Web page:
According to the IWM, it powered the Hurricane Mk. 1 flown by Squadron Leader Tom Gleave of 253 Squadron. The squadron was protecting the Biggin Hill airfield on 31 August 1940 when they intercepted a formation of German Junkers Ju 88 bombers. Gleave hit two bombers but a shell hit his starboard wing fuel tank. His planes burst into flames, but he managed to bail out. The plane crashed at Mace Farm, east of the airfield. This engine was recovered by a local flying group in the 1960’s.
The American Packard Motor Car Company produced the Merlin 28 under license and designated it as the V-1650-1. It was this engine which went into the early North American P-51 Mustang. The later Merlin 66 became the Packard V-1650-7 which powered the P-51D variant. It was this plane which helped cripple the Luftwaffe fighter arm in the skies over Europe.
Radio messages in the military have to be codified (ciphered) to avoid the enemy from knowing your intentions.
Great Britian was in the process of being starved out and deprived of military materiel from America by Hitler’s U-boats (submarines). The U-boats meanced the Atlantic Ocean and sunk merchant ships of the Atlantic Convoy at will. Something had to be done quickly and one way was through breaking the German’s radio code.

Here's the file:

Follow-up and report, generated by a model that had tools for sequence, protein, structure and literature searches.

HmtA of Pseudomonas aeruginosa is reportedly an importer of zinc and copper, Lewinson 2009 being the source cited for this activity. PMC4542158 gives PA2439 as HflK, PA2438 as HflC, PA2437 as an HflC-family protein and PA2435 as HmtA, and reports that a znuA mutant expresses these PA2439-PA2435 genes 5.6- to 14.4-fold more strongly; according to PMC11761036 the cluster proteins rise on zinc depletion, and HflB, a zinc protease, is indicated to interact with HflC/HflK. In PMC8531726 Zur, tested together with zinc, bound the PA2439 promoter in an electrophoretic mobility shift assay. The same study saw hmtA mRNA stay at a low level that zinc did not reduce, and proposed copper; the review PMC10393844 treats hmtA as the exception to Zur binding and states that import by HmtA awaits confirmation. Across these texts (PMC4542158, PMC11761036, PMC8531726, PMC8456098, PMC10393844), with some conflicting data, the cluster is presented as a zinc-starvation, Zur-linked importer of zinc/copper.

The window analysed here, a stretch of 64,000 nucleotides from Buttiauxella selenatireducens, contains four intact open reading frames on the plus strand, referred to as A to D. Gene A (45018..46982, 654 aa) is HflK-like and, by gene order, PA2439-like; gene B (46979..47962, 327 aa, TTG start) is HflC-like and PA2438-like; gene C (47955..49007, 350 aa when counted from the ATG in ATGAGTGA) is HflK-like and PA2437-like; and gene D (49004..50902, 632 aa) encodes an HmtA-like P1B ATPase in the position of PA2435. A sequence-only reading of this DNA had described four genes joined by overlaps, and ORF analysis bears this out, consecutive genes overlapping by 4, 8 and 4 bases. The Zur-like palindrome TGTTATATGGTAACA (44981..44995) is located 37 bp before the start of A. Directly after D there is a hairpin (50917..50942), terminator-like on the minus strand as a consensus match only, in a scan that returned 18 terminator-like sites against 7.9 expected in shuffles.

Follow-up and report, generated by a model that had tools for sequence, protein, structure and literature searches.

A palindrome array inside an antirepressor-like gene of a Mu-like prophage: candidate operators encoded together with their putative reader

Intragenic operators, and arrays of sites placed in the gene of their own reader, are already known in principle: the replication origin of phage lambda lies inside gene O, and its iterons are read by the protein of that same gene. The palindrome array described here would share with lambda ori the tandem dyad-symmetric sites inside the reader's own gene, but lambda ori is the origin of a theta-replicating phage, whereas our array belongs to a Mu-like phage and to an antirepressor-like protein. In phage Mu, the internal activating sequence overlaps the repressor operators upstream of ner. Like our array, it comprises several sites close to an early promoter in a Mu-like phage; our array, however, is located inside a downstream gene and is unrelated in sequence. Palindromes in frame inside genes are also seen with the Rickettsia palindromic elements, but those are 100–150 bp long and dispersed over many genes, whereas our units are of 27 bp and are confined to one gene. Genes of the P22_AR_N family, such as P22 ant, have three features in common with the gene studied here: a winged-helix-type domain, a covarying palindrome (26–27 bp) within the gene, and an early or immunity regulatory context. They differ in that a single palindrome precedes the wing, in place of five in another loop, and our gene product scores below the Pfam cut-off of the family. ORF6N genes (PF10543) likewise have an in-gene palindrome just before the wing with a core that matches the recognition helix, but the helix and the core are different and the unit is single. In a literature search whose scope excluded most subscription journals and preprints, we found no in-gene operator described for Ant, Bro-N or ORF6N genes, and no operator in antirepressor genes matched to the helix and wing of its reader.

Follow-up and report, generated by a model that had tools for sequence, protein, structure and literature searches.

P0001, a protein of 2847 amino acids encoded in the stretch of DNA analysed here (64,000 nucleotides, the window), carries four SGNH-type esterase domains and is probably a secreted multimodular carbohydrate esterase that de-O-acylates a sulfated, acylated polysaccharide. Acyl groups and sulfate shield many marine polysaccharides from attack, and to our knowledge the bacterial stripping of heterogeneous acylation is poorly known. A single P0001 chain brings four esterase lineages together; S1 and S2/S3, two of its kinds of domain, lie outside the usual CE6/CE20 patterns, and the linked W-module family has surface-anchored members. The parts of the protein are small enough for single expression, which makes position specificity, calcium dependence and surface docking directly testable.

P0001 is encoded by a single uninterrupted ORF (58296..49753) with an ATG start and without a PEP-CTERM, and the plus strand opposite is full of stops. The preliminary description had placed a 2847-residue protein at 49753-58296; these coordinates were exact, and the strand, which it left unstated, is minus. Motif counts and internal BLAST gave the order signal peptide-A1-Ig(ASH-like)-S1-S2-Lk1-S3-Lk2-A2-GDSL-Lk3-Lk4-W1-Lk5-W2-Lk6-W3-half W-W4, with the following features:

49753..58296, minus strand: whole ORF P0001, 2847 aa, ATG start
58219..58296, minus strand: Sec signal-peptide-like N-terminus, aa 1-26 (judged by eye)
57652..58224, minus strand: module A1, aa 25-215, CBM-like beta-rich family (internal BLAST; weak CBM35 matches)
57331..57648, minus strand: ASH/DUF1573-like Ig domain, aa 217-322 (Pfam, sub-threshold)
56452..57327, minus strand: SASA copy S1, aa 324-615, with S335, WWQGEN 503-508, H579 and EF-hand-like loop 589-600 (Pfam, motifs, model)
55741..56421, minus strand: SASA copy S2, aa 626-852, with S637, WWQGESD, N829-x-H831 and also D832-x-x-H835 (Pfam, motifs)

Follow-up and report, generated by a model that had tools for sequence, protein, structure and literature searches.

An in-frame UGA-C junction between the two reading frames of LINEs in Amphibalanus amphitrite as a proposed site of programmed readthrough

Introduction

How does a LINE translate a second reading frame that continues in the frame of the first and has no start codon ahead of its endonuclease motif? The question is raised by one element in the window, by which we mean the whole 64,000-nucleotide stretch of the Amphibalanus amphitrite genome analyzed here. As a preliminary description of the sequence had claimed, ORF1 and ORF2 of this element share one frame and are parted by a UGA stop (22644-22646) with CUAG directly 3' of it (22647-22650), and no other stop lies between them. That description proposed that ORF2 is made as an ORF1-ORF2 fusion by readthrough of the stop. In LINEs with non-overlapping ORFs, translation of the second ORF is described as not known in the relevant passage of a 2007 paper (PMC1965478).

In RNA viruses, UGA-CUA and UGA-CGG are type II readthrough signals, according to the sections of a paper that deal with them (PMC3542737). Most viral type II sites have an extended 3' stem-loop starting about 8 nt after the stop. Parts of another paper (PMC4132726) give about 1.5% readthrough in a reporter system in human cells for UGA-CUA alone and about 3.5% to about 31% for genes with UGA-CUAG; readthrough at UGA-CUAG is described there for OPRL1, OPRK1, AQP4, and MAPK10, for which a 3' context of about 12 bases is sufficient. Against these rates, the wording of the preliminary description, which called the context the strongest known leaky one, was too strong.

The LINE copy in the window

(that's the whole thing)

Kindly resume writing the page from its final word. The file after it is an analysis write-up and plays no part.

The Germans used a machine called the Enigma to cipher their messages. The machine looked like a typewriter, but it actually replaced each letter typed with another letter through a “code” which only the sender and receiver know. Let’s say we typed in “Guten Morgen” on our end, the receiver will receive “XOGAT NQLRZ.” Therefore, the message is gibberish to anyone who intercepted it without the code.
The Allies made concerted efforts to capture the Enigma and break the code. It was finally broken by a British mathematician named Alan Turing. From then on, the U-boats were either avoided altogether (the Convoy charted other routes) or ambushed by the Royal Navy.
The cracking of the Enigma code remained Top Secret in the UK until the 1970’s.
Krupp Flak 8.8cm Flak
This is another piece of weaponry that Call of Duty players should know. It’s better known as the “Flak 88,” or “eighty-eight” in English and “acht-acht” in German.
It started out as a Flugzeugabwehrkanone, German for “anti-defence cannon.” The term “flak” is a contraction of that word. These cannons shot flak shells that are pre-set to explode at the chosen altitudes. The explosion throws out metal shrapnel in all directions. This method of anti-aircraft defence was for high altitudes where smaller shells could not reach. Remember this was World War 2 and SAMs (surface-to-air missiles) have not been developed yet.